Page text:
Potential actions depend upon what the aircraft does after being intercepted. For example, on 3 June 2005, a Virgin Atlantic Airbus A340 aircraft over the Atlantic was observed to be transmitting a transponder code meant to signify that a hijack was under way (i.e., Code 7500). Canadian CF-18 fighter jets were scrambled for intercept. The arrival of the fighters alerted the crew to its mistake and no further military intervention was required. Indeed, the response to this incident worked quite well. The CF-18s intercepted the jet in time to avert a more serious incident, and it was escorted to Halifax where a police response unit was prepared to meet the airliner.5
NORAD’s Threat Evolution:
Symmetric to Symmetric/Asymmetric
At its inception, NORAD was conceived to deal with air threats originating from the USSR. In such a symmetric peer ‘competition,’ both sides have similar military capabilities, in this case, access to fighters, long-range bombers, radars, nuclear bombs, ballistic missiles, satellites, and cruise missiles. Another feature of a symmetric war is the presence of a defined front line, in this case, the boundaries of respective Air Defence Identification Zones (ADIZ). Unidentified or unauthorized aircraft entering these zones would be intercepted in short order, and their intention established. A third feature of symmetric warfare is being easily able to differentiate the combatants from the civilian population and each other, by uniforms and by equipment insignia.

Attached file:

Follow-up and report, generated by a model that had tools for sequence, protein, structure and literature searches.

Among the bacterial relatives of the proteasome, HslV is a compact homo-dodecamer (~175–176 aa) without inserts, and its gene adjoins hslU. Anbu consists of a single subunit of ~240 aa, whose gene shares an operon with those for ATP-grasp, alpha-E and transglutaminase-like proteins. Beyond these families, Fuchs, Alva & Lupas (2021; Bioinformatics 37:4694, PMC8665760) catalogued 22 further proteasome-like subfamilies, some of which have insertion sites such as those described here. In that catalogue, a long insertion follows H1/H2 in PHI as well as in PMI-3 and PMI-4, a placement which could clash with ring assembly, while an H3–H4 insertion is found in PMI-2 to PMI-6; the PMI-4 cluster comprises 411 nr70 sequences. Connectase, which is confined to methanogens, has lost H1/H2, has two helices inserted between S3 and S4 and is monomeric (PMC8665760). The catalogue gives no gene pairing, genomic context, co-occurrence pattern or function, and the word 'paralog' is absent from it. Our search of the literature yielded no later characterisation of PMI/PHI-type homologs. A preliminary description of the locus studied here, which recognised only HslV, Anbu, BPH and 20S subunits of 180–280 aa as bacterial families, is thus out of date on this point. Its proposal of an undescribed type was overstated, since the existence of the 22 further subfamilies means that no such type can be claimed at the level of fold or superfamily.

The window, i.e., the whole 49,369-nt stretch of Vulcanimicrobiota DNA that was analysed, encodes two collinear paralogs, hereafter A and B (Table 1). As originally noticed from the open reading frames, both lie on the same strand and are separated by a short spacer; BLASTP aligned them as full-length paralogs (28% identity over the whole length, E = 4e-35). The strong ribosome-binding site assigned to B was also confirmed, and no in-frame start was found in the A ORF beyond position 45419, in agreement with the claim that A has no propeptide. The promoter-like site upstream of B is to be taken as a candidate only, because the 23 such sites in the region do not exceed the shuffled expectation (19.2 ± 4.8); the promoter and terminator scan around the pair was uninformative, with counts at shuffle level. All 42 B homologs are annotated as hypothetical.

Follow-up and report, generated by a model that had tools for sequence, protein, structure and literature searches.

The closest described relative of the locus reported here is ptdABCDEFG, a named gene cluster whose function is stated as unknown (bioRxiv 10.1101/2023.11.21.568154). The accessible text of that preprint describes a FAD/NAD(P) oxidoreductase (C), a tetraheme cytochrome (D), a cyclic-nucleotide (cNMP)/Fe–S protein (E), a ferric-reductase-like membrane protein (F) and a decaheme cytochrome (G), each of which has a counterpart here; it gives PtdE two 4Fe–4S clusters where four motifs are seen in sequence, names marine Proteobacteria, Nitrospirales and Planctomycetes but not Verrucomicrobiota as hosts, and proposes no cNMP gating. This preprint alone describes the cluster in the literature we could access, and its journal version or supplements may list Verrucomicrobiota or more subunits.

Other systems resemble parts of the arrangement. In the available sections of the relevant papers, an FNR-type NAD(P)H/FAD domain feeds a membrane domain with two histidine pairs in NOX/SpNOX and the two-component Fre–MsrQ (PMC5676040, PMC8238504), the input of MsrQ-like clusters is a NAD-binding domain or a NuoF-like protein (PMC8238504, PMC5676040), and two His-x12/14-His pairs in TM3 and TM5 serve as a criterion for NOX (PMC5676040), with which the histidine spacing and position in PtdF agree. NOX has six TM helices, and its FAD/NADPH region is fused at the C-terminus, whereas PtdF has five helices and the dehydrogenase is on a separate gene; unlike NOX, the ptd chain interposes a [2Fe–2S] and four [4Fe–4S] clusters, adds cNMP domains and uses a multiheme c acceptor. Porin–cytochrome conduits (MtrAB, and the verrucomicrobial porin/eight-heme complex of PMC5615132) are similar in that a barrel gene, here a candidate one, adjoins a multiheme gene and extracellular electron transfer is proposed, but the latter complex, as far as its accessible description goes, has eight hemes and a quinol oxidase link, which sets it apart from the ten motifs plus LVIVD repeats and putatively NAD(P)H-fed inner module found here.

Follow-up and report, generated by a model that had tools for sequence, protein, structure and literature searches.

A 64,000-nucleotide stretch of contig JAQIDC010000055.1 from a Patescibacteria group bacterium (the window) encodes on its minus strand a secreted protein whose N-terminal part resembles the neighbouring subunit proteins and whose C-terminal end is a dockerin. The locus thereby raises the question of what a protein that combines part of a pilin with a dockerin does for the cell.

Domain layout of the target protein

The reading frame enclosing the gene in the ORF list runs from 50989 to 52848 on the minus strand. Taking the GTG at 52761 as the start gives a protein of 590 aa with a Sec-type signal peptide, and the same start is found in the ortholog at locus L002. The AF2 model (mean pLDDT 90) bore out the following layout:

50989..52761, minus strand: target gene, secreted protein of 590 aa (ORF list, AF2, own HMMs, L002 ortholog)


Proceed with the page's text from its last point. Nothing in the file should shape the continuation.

Quite simply, symmetric warfare has ‘rules.’ Some of these are formalized in internationally accepted instruments, such as the Geneva and Hague Conventions. Others are implicit between the combatants, such as the concept of Mutually Assured Destruction (MAD) advanced during the Cold War; so long as the TU-95 Bears approaching the ADIZ did not do anything too provocative, the interceptors merely observed their actions. Until 2001, this was the type of threat NORAD dealt with, easy to identify, and demonstrating a rough idea of intent. Asymmetric warfare is completely different, and constitutes, in many respects, a more difficult problem.
In asymmetric warfare, if the weaker side fights according to symmetric ‘rules,’ they will lose. So they do not. They do not wear uniforms. They hide among civilians, they hit and run, and they attack whatever targets their enemy values but has left undefended. Often, those targets are non-combatants.6